Vy of 67kts in a 152 vs. 79kts for a 172R. Yes you will get a better climb and a better glide out of the 172. I just don't think that that alone makes one airplane safer than another. For a heavy student and a heavy instructor I think it's a no brainer, go with the 172.
My $.02
Take care
 

cvsfly

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Every aircraft has its limitations. Its in the aircraft manual. The hard part is for the pilot determining his.
 

dougal28

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Everybody has there own opinion, mine is the safety of my students. I have no quams myself flying the 152 infact I did all my ratings in one and have spent about 600hrs in it. To this date I have been and instuctor for two years and have a good pass rate. I have given over 450 hrs of instruction and have determined that the 172 makes for a safer environment for my students. Better equipment, performance, more room, quicker times to get the private. Now that was the answer to the original post ok. I think the mighty 152 is great plane in it's own rank, it's more fun, cheaper, and a little more forgiving on those hard nose wheel landings. There both planes are equal no one wins.
 

avbug

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More forgiving on nosewheel landings? Well, that about says it all, doesn't it? Why not make it more forgiving when running into brick walls or trees? That's somewhat like saying an car with airbags is more forgiving when running into the back of a bus.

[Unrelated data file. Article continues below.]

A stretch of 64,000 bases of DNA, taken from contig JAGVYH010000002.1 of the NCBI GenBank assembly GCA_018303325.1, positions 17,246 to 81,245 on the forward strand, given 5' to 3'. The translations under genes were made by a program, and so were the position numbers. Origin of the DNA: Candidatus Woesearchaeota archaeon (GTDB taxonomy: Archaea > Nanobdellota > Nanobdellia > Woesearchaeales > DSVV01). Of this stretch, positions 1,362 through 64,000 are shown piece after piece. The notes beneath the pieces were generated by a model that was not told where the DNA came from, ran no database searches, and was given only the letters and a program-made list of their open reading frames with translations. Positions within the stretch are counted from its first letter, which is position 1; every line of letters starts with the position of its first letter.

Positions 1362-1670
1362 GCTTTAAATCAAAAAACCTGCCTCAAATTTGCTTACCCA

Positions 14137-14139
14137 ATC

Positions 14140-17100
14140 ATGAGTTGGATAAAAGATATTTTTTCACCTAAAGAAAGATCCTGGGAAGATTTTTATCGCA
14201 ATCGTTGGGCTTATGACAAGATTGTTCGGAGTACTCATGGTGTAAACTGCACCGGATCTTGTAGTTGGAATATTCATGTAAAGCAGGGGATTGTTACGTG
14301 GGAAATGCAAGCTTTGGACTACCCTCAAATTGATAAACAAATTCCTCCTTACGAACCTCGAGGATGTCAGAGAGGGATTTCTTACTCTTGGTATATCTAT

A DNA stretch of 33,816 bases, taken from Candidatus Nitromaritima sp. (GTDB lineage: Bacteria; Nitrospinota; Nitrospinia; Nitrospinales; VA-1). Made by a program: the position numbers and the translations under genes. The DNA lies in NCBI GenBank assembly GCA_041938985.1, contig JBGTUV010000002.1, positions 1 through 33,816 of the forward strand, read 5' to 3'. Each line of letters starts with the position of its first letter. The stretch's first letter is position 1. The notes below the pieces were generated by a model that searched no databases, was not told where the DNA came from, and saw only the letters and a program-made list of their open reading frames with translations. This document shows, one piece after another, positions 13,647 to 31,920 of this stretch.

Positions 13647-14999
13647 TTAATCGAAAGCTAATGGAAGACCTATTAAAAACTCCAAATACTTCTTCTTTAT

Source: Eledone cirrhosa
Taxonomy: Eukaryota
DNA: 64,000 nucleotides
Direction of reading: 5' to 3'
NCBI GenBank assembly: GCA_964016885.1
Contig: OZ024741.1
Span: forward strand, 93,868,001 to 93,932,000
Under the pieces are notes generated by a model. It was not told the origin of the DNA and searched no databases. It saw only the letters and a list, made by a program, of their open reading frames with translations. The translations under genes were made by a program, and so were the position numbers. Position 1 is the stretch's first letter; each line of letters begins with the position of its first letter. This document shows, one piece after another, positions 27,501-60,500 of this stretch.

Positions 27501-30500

Don't make nosewheel landings. Don't allow students to do it either. A student properly taught won't do it. The problem comes of failure to properly teach. THe firewall will bend just as eaily on a 152 as on a 172 on a hard nosewheel landing, and it will do similiar damage to the engine mount. It will also damage the strut, and wreak havoc with the Lord shimmy dampner.

Do you honestly believe that Cessna stopped production on the 152, or didn't resume it, because of safety issues? You're far too new to aviation to make such ridiculous insinuations if you really don't know. It's a matter of economics. Strictly economics. The 152 has never been considered a safety risk, and never will be, except by those who lack the basic skills to operate it safely.

Do you really believe that if the engine has "one little burble" on takeoff that "that's it?" Come on! You probably don't require students to land without power, or pull engines away from the airport, either. I'm reminded of instructors I've seen who ended up in a spin with their students, and came back to the office white as a ghost and shaking. Such folks have no business being in the air with a student. An instructor who is afraid of the airplane shouldn't be in it.

The 152 has a fine climb rate for a trainer. You're perhaps thinking of a 150 at higher density altitudes. In any event, 200-300 fpm isn't a bad thing, especially in a trainer. Frankly, I operated a large four engine airplane professionally that could only do 100 fpm when loaded, and did it quite safely. If I had only experience in aircraft with ample performance, then I'd have been in a world of hurt. However, I came from a background where my training used airplanes that required a mile or so after the runway just to get up enough to retract the flaps and climb over the powerlines and be on my way. That's where training begins...when the student doesn't have everything done for him or her.

There's nothing wrong with a 172. There's nothing wrong with a 152. To make the suggestion that the 152 is remotely dangerous shows a great ignorance, and suggests a deeper problem than simple distrust of the machine. Thousands upon thousands of instructors, and hundreds of thousands of students, have flown in that airplane for hundreds of thousands of hours...with little or no complaint.

A poor carpenter blames his tools. It's not the tool.
 

dougal28